BENJAMIN Lawsky is no stranger to politics, serving as chief of staff to New York’s governor Andrew Cuomo before taking the top job at the state’s newly formed Department of Financial Services last October. His activity since has led to whispers that he may have an eye on higher office. The 42-year-old took has gone after several large foreclosure practices and insurers, thought beyond the brief of the state regulator.
When Lawsky announced he was taking on Standard Chartered this week, he hit headlines by calling the bank “a rogue institution”. The timing of the allegations took many by surprise – not least Standard Chartered, which claimed they came in the middle of a review it was conducting with a number of US authorities.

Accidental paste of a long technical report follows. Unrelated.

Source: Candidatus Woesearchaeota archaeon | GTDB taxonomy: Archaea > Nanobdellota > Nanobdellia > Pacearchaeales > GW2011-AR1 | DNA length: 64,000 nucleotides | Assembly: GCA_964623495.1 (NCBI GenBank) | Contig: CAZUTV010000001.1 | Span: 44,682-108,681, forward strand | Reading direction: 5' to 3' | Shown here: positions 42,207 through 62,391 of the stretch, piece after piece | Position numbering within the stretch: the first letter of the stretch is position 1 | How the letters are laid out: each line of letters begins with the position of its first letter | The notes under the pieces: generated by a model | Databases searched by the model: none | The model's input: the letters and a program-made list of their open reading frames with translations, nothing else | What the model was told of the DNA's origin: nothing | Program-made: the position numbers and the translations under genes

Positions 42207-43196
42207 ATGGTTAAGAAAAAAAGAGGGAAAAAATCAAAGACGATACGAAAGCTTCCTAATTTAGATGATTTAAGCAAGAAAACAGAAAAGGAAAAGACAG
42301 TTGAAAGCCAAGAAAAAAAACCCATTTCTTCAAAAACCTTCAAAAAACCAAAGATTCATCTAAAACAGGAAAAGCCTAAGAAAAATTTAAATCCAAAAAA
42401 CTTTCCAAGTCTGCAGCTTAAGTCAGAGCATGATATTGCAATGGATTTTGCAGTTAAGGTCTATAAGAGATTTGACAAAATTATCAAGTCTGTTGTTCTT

The case marks a new-found assertiveness for a state regulator. Historically, investigations of foreign banks fell to federal bodies. But perhaps it should not come as such a surprise: Lawsky’s job description on the department’s website includes “keeping New York on the cutting edge as the financial capital of the world”.
The week’s developments have led commentators to compare Lawsky to ambitious New York prosecutors Rudy Giuliani and Eliot Spitzer, who parachuted into politics after doing battle with the banks. As a prosecutor, Giuliani took on insider traders, before serving eight years as mayor, and entering the early stages of the 2008 presidential race. Spitzer won several large settlements from Wall Street firms following the collapse of the dot.com bubble before becoming New York’s governor in 2007, resigning the post after a prostitution scandal.
With both presidential candidates talking tough on Iran, a successful prosecution of Standard Chartered wouldn’t harm Lawsky’s political prospects.